ex-human
at the convenience of others. In themerciless interface of capitalist and scientific discourses, weare all a new kind of proletariat—hyperindividualized psy-chobiologies doomed to consume diagnostics and treatments(for ourselves and for others) as we seek fast success in econ-omies without empathy (Martin 2007). But Catarina foughtthe disconnections that psychiatric drugs introduced in herlife—between body and spirit, between her and the peopleshe knew, in common sense—and clung to her desires. Sheworked through the many layers of (mis)treatment that nowcomposed her body, knowing all too well that “my desire isof no value.”Catarina wrote to sublimate not only her own desires forreconnection and recognition but also the social forces—fa-milial, medico-scientific, economic—aligned againsther.Whileintegrating drug experience into a new self-perception and lit-erary work (the drug AKINETON is literally part of the newname Catarina gives herself in the dictionary: CATKINE), shekept seeking camaraderie and another chance at life. Biehl dis-cusses Catarina’s creative capacity in dialogue with Deleuze’sidea of “a delicateandincompletehealththatstemsfromeffortsto carve out life chances from things too big, strong and suf-focating” (Deleuze 1997:3). Her “minor literature” grounds an
 
Biehl and Locke 
The Anthropology of Becoming 319
ethnographic ethics and gives us a sense of becoming thatdominant health models would render impossible.We also draw from Locke’s recent fieldwork in postwarSarajevo, Bosnia-Herzegovina (hereafter, following the stan-dard local abbreviation, BiH), to highlight the utility of De-leuze’s suggestion that one should write for the benefit of a“missing people” (Deleuze 1997:4). Sarajevo is a city over-flowing with “symptoms.” Years of trauma-oriented psycho-social projects have made psychiatric diagnostics—collectivedepression and post-traumatic stress—integral to commonsense in BiH. Such clinical-sounding assessments have theeffect of emphasizing damage over possibility, determinationover flight, painting the city primarily in terms of its wounds(which are indeed deep and bleed still) while disregarding thehopes and desires—and resistances to neoliberal economicforms—that pain also communicates.Just as psychiatry silences Catarina’s struggle to understandand reclaim her experience, in BiH the
psychologization of  war’s aftermath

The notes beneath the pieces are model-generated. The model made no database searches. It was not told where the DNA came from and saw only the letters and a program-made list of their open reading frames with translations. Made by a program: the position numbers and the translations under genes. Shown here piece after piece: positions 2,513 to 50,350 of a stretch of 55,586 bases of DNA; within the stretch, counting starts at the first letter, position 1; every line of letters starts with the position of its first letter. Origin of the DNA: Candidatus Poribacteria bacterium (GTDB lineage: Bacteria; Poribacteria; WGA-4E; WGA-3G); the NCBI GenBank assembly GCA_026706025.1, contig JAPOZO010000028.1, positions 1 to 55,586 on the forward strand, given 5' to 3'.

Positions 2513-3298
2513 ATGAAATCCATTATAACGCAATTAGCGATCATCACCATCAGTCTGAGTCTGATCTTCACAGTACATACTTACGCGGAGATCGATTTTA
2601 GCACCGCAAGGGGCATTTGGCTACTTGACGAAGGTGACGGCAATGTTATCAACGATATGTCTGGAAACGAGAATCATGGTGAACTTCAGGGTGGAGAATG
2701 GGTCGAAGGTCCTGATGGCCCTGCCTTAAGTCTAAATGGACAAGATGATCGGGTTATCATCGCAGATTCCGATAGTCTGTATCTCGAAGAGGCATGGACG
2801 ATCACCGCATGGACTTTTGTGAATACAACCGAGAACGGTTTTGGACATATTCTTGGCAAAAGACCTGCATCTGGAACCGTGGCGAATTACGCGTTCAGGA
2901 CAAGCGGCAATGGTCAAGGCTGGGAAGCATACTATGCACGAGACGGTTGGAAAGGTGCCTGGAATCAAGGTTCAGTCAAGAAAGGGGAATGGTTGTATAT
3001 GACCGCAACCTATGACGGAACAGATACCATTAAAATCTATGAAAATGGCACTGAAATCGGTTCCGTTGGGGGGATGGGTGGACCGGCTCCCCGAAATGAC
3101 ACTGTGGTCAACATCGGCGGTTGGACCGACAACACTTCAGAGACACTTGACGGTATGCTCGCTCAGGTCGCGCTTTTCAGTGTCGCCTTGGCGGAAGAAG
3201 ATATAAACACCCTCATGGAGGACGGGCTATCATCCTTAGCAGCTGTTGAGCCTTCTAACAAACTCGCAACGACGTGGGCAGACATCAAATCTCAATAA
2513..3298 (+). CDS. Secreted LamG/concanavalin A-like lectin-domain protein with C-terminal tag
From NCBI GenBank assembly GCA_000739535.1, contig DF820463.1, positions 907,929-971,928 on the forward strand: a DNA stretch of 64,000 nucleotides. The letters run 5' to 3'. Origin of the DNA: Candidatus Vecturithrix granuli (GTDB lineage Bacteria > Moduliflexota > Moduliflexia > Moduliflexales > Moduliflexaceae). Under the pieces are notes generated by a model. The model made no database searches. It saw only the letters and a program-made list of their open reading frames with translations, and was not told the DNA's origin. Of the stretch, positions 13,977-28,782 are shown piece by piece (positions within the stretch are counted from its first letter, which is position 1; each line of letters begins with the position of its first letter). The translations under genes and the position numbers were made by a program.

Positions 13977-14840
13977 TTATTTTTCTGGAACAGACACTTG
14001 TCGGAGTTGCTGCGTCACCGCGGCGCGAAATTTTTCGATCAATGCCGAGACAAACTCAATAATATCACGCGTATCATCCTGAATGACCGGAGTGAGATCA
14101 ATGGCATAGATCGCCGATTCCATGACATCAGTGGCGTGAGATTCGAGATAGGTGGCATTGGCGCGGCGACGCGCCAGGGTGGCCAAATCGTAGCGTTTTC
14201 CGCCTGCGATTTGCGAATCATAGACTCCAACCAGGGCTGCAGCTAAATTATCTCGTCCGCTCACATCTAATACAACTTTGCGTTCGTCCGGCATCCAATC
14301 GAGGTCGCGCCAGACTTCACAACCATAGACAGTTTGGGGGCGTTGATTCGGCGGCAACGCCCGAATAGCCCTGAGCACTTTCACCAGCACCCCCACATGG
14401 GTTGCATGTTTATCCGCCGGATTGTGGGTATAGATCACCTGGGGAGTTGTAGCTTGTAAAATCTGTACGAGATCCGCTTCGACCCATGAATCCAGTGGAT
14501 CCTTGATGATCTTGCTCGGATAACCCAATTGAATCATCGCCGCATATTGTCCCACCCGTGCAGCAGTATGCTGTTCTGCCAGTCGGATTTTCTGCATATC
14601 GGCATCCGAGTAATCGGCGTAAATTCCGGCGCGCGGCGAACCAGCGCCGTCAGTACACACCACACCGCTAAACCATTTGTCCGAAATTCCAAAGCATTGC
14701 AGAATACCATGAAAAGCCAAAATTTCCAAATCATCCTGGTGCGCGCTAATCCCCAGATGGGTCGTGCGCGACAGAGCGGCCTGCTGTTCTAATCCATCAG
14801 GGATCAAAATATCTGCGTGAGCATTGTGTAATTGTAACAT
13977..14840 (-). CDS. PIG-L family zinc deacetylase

“vitiate[s] the moral and political meaning of subjective complaints and protests” (Biehl, Good, and Klein-man 2007:3). In this way each of our cases takes up a struggle(individual and collective, respectively) to navigate public andprivate imperatives remade by intersecting scientific and eco-nomic rationalities. In each case a void is engineered in theplace of older modes of self-assessment—which neverthelessand by swerving paths continue to thrive.The strict application of a Foucauldian theoretical sensi-bility—seeking out, for example, the ways hysterical, fear-mongering nationalist politics, neoliberal market reforms andconcomitant corruption, and years of humanitarian servicesand international supervision have newly “normalized” sub- jectivity and social relations—would miss the anxious uncer-tainty and open-endedness that inflects life in Sarajevo. Bothanguish and vitality simmer beneath the city’s shell-scarred—but slowly brightening, rejuvenating—surfaces, and Deleuzeis helpful in finding an analytics that can illuminate the in-terdependence of these twin intensities: the ways symptomsmay index not only darknesses and dominations past andpresent but also the minor voices of a “missing people” thatspeak within alternate “universes of reference,” capable, per-haps, of one day propelling more positive social transfor-mations in BiH (Deleuze 1997:64).Sarajevo’s “missing people” is composed of layers, eachwith its own force of intertwined grief and aspiration. Herethe wartime dead (thousands of whom remain literally miss-ing) continue to inhabit political claims and tightlyheldgriev-ances (Wagner 2008). Here, who one was before thewar(whatone believed and whom one loved) no longer has value amidnew economies and forms of governance—but persists, allthe same, in hopes and frustrations. And here, lived experi-ence continually escapes the social categories—competingethnic and/or victim identities—that dominate the publicsphere (Bougarel, Helms, and Duijzings 2007). In such a con-text—and many others—of routinized urgency and crisis, thehuman sciences are challenged to respect and incorporate,without reduction, the angst, uncertainty, and the passion forthe possible that life holds through and beyond technicalassessments. Perhaps this task is what ethnography does best.